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Crime down countywide

SCV sees slight rise in violent, property crimes

Posted: September 21, 2009 10:23 p.m.
Updated: September 22, 2009 4:55 a.m.
 
While violent and property crimes have dropped 11 percent overall in areas patrolled by the Los Angeles County Sheriff's Department compared to last year, the Santa Clarita Valley's crime rate increased slightly, according to figures released Monday.

The Santa Clarita Valley saw a 5 percent jump in reports of violent crimes and a 1 percent decrease in property crimes. Combined,
violent and property crimes increased by 1.5 percent, according to the figure.

From Jan. 1 through Friday, the SCV had four reported homicides, 25 forcible rapes, 124 robberies and 276 aggravated assaults.

Last year, there were two homicides, 16 rapes, 119 robberies and 270 aggravated assaults.

But Los Angeles County sheriff's Lt. Brenda Cambra said Santa Clarita is still one of the safest cities in the nation.

"In 2008... our crime rate was at a four-year low," Cambra said. "And while we've continued our enforcement efforts, it's difficult to go lower and lower, and so an increase of 1.5 (percent) over the last year is still a very low rate."

The Santa Clarita Valley has a crime rate of about 149 crimes per 10,000 people - about 10 percent lower than it was five years ago. In comparison, the Sheriff's Department's highest-crime area, West Hollywood, has a crime rate of 370.

The SCV has seen a nearly 17 percent increase in burglaries, larceny thefts increased by about 1 percent, and grand theft auto increased by about 58 percent.

Cambra said the local crime percentage increases are partially due to arsonists and burglars.

"We had a series of 12 arsons committed by the same person," Cambra said. "He was arrested. ... We've (also) been talking about issues with burglaries ... but we were certainly targeting them early this year."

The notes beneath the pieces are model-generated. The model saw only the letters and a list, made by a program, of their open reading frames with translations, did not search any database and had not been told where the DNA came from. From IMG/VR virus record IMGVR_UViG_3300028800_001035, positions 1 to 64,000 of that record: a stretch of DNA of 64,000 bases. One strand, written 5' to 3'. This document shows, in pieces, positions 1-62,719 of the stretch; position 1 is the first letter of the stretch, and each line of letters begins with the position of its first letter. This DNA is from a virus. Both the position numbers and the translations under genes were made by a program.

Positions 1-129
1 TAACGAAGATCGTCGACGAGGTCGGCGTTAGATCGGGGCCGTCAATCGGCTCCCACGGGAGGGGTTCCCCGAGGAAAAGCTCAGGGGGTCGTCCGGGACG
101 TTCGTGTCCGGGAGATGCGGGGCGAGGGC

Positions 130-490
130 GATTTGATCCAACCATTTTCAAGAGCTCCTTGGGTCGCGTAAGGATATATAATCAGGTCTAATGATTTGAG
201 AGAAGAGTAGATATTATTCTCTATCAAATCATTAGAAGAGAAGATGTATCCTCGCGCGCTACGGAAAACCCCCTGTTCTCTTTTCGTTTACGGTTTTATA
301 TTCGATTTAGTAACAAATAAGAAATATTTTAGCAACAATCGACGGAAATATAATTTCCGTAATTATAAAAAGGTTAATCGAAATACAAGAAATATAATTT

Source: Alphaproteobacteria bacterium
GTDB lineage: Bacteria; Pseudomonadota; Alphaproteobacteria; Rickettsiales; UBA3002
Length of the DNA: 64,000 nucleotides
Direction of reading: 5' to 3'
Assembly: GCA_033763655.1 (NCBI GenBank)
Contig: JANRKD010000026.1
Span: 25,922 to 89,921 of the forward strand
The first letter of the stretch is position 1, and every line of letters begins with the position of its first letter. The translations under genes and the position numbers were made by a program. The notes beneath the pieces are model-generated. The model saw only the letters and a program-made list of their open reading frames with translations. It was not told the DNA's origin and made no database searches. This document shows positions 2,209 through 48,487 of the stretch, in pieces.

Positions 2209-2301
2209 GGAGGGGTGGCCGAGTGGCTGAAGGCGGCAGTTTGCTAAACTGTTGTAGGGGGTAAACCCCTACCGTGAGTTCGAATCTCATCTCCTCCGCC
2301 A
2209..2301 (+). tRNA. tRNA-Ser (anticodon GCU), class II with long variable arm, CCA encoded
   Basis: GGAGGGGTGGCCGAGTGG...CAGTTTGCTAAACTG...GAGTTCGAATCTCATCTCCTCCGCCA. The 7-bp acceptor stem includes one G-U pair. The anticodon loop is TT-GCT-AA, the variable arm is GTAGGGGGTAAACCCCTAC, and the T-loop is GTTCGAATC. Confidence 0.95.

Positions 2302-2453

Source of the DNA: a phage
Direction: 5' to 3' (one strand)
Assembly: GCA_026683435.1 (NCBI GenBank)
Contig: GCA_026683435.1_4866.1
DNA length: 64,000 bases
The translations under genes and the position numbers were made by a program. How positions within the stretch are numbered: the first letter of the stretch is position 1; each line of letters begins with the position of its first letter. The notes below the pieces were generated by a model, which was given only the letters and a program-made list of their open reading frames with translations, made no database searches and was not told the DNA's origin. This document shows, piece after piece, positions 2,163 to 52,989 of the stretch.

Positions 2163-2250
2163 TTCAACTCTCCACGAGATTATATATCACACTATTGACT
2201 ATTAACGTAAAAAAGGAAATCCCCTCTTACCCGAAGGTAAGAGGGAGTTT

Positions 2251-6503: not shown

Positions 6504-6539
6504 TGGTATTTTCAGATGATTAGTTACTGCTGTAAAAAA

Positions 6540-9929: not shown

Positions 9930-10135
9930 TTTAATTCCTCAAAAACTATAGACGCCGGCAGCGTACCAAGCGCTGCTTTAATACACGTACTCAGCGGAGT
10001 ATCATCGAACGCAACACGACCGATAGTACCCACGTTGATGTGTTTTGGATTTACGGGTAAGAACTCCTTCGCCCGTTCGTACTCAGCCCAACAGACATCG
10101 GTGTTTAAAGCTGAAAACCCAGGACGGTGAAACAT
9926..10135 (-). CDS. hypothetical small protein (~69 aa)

Burglaries surged early this year in two upscale areas near freeways - the Hasley Hills area of Castaic, near Interstate 5 and Fair Oaks Ranch, which sits east of Highway 14.

Santa Clarita Valley sheriff's deputies have arrested more than 200 suspected burglars this year because of deputies' efforts and neighborhood watch strategies, Cambra said.

In Los Angeles County, violent crimes from Jan. 1 through Friday dipped for the entire county by 10 percent in comparison to last year's figures.

Homicides made the largest decline in the county with 153 this year, a 23.5 percent drop from the same period last year.

Property crimes also took an 11 percent dip.

The decline occurred despite Sheriff Lee Baca's prediction that crime would rise during the recession.

"The sheriff believes that the reason the crimes stayed low and is dropping is because the Sheriff's Department did not decrease any of its patrol and, in fact, in some areas, increased," sheriff's spokesman Steve Whitmore said.

The patrol increases occurred despite the economic downturn and severe budget cuts facing the department, Whitmore said.

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